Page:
breastfeeding, breast, how to feed your baby, lactation, lactation consultant, breastfeeding help, breastfeeding support, baby milk supply, milk, heidi skudder, the parent and baby coach

Creating a Good Milk Supply for your Newborn….

Heidi Skudder Breastfeeding

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In my role as a Parent and Baby Coach, I often work with Mum’s who are really struggling to get a grips with breastfeeding. In this blog I point out some of the common problems with milk supply and how to make sure that your baby gets a good start with breastfeeding….

Your baby is born with a need to feed – as soon as your baby arrives you should put the baby straight to your breast and start that natural reflex that is for your baby to suck. This triggers your brain into realising that it needs to produce milk and your body will start to do all the necessary things to get your milk supply going.

In the early days, often parents are told to put the baby to the breast whenever it is crying and whilst this is true to some extent, it is also really important to understand that your baby needs to be properly sucking to create a supply and demand for breast milk rather than just be attached to the breast regardless of if he is sucking or not. A baby that sucks for 30 seconds and then starts suckling (using your nipple like a dummy) will not demand as good a milk supply from your body as a baby who sucks properly. This is a skill that can be hard to recognise from the beginning, but as you get more confident you can start to recognise the signs that baby is feeding well.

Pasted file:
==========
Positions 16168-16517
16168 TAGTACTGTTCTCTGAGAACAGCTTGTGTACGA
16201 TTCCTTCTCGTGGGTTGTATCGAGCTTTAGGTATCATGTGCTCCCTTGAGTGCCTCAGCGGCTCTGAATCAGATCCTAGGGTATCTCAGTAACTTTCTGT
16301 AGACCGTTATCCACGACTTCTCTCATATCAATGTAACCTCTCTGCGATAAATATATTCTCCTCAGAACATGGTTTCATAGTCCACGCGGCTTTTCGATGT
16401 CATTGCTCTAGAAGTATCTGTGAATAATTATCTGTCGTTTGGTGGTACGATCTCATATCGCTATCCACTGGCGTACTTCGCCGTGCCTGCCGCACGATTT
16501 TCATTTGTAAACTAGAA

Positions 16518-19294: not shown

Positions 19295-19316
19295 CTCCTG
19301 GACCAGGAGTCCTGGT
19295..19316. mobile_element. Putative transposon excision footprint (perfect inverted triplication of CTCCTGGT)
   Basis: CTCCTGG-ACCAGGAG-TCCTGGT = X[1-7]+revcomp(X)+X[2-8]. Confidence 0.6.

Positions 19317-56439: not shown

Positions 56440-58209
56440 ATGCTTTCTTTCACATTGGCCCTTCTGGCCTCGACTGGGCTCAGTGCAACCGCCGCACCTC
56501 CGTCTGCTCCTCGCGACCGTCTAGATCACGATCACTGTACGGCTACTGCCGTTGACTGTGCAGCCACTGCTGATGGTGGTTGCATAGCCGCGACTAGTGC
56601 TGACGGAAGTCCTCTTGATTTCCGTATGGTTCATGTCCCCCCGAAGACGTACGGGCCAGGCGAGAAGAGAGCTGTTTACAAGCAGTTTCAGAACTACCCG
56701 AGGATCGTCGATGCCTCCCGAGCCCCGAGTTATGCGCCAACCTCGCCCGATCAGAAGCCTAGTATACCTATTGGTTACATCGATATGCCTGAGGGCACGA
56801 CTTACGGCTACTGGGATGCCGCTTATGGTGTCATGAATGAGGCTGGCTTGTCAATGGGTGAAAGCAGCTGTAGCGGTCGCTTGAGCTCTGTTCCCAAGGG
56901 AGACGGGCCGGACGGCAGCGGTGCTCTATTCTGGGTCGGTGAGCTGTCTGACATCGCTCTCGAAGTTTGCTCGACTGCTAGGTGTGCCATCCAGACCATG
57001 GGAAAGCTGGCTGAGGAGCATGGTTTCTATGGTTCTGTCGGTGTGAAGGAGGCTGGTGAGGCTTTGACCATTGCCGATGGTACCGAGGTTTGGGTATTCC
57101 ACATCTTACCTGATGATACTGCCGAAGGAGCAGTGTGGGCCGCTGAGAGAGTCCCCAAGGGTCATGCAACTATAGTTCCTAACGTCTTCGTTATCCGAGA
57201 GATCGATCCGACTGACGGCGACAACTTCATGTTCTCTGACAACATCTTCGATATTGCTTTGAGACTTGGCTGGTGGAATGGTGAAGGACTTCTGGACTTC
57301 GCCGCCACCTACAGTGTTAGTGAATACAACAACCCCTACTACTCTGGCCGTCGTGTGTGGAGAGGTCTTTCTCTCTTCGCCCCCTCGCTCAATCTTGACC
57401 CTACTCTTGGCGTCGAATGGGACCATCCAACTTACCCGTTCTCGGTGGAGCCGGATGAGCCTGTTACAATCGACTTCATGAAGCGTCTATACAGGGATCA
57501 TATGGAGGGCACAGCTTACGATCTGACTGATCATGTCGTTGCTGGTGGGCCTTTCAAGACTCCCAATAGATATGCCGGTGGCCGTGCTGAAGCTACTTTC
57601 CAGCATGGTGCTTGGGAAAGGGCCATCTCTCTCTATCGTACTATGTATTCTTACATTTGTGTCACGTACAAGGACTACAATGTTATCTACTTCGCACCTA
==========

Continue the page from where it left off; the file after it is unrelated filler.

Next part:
Signs that a baby is SUCKING:

-You may be able to hear your baby gulping

-Your baby opens wide as he is put on to the breast

-You see milk in and around your baby’s mouth if you pull him away

-You can hear you baby swallowing

-You can see the throat muscle moving up and down as the baby drinks

-Baby gains weight well and comes off the breast on his own

Some babies appear to be feeding and actually are just snoozing away, so once you think your baby has stopped showing signs of sucking properly, it is useful to take baby off of the breast and wind him. This process often wakes baby up and makes him realise that he is still hungry. If he is still sleepy at this point, try changing his nappy and putting him down on a towel or soft blanket on the floor -this might seem a mean thing to have to do but the more strict you are with baby’s feeding to begin with, the better your supply will become. A baby who is nestled into Mummy’s arms and cosy is a lot less likely to wake up and want to feed than a baby who has been put down on their own and will soon wake up!

If your baby has fed well, the chances are your baby will then sleep well. Establishing a good milk supply can also do wonders for setting up babies sleep in the early days. A full baby will usually sleep – so if your baby is not settling and will not come off the breast, it is time to think about whether you have enough milk. In this instance, pumping after each feed will help increase your milk supply, as will drinking 3 litres of water a day, eating well (oats are meant to be great for increasing milk supply) and taking Fenugreek capsules. If your baby is suckling rather than sucking then this will not help your milk supply or for that matter your nipples – so seek professional help if you are worried about whether your baby is feeding or not, but most importantly – try and relax. Mothers who are stressed produce less milk than those who are relaxed so it is important to give yourself a break and get as much shut eye as possible in the early days.